In today’s economic climate, readers may have heard about reverse mortgages. The term refers to a type of borrowing arrangement specifically designed for older homeowners. Under the terms, a homeowner who is at least 62 years of age may borrow against a home’s value. Repayment obligations begin only when the homeowner moves out or passes away.
An attorney that specializes in elder law knows that long-term retirement and estate planning involves more than just financial matters. In the event of incapacitation or some type of sudden and unexpected event, a comprehensive legal plan should address issues of how decisions about healthcare, living expenses, financial planning and estate planning should be made.
Estate planning is more than just jotting your wishes down on a notepad. But, if you wish to avoid probate, you will need more than just a will. A will's primary function is to let the court know your wishes. There are other estate planning documents, though, that can help keep your estate out of probate. One of those is a revocable living trust.
A reverse mortgage is similar to a conventional mortgage in that it is a loan which uses the borrower's home as collateral. The biggest difference is that the loan generally does not need to be repaid until the last surviving homeowner permanently leaves the property or passes away. The estate then has six months to pay the balance of the mortgage in full or sell the home. If the proceeds from the sale exceed the amount needed to pay the mortgage, the difference will be placed in the estate. If the proceeds from the sale are less than the amount needed to payoff the mortgage the estate is not held personally liable.
Anyone who reaches adulthood needs to consider making up a will. If you have children, a will and trust are both critical. Not only does a designated will help you plan the disposition of your assets, it also helps protect your spouse, children, or any other surviving family members and friends who will be designated beneficiaries.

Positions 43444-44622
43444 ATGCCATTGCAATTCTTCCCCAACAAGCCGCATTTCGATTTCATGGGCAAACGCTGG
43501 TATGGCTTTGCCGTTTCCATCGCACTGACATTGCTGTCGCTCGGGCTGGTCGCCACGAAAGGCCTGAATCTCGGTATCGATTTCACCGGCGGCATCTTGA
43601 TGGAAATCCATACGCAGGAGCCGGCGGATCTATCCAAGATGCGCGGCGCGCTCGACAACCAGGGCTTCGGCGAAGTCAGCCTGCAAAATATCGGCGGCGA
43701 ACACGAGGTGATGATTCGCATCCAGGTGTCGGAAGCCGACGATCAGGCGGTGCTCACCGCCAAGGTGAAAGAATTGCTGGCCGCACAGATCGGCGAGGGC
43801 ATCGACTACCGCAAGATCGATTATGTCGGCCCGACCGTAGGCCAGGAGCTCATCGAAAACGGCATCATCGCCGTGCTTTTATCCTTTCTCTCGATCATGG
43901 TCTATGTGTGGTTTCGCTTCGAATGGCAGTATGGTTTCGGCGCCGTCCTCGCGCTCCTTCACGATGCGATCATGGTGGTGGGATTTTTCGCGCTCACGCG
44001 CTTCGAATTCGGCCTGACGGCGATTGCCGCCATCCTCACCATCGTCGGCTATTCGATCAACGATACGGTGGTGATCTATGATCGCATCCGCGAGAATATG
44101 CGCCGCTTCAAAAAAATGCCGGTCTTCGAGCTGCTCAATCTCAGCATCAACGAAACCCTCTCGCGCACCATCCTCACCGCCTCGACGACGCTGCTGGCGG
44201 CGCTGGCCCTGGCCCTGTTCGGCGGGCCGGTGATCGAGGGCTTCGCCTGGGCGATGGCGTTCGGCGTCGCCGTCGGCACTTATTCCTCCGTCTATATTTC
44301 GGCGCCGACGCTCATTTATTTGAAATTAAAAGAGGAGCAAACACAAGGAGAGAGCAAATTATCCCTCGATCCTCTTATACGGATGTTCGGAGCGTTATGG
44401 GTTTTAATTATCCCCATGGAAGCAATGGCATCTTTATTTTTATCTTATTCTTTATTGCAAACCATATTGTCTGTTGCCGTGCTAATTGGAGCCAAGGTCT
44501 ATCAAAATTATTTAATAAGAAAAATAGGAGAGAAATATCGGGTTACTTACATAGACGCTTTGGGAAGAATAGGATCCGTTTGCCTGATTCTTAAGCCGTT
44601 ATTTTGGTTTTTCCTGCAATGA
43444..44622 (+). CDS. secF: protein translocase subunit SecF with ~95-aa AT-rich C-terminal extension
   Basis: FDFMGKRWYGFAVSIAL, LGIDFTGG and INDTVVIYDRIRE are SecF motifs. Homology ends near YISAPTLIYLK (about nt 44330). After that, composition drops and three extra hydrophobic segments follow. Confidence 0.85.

Let's face it: the majority of our lives exist online. Work email, personal email, junk email; Twitter, Facebook, Instagram, LinkedIn; online banking, paperless financial statements; iTunes, iCloud...iEverything. I even have online apps for keeping track of fitness and paying friends money owed. So, what happens to all of these when I die?In Massachusetts, a decedent dies either "intestate" (without a will) or "testate" (with a will). From there, in order to access probate assets and administer the estate, the court needs to appoint a Personal Representative. But, under Massachusetts law, the Personal Representative does not automatically have the power to access email accounts or various other internet sites. Problems can arise if the decedent used email to conduct business and now, no one can access those files. Or, the Personal Representative might want access to an email address book to notify people of the death. Additionally, not every social media site is uniform in its policy regarding deceased subscribers. Someone's Facebook page could be receiving writings on the wall years after they are gone but without authority, there might be little the Personal Representative can do to change that.
Families will often make financial gifts for specific purposes, such as to help a child with debt, pay for a grandchild's tuition, help a family member place a down payment to purchase a home, utilize the annual gift tax exclusion, or celebrate major family milestones. So, when would these gifts not be considered gifts?
Financial abuse of older people is increasing at an alarming rate, and are expected to continue to rise as the Baby Boom generation moves into the senior years. The concern is compounded by the fact that the number of people with Alzheimer's disease, which erodes mental acuity, is expected to "double, and perhaps triple, by 2050." In 2011, it was estimated to be close to $3 billion. Women are more likely to be victims of scams and other types of financial exploitation than male seniors by about a two-to-one margin. Sadly, about a third of this exploitation is perpetrated by friends, family and neighbors whom they trust to help them. The rate is probably higher because victims also are either ashamed or fearful.
For those who have assets of over $250,000, a well-planned estate is important. Some seniors and elderly people are often reluctant to discuss such plans. This could be due in some small part to how seniors and the elderly see themselves. Recently, 2,319 seniors of significant wealth and assets were surveyed. Almost 80 percent of those surveyed don't consider themselves as "elderly" until they hit 80 years old. Over 50 percent of those surveyed that were age 70 or over wouldn't even consider themselves "old."
Thinking about death is not something anyone likes to do, but death is inevitable to us all. Without the proper planning, though, the time after someone dies can quickly turn into a mess of probate court, feuding family members and chaos.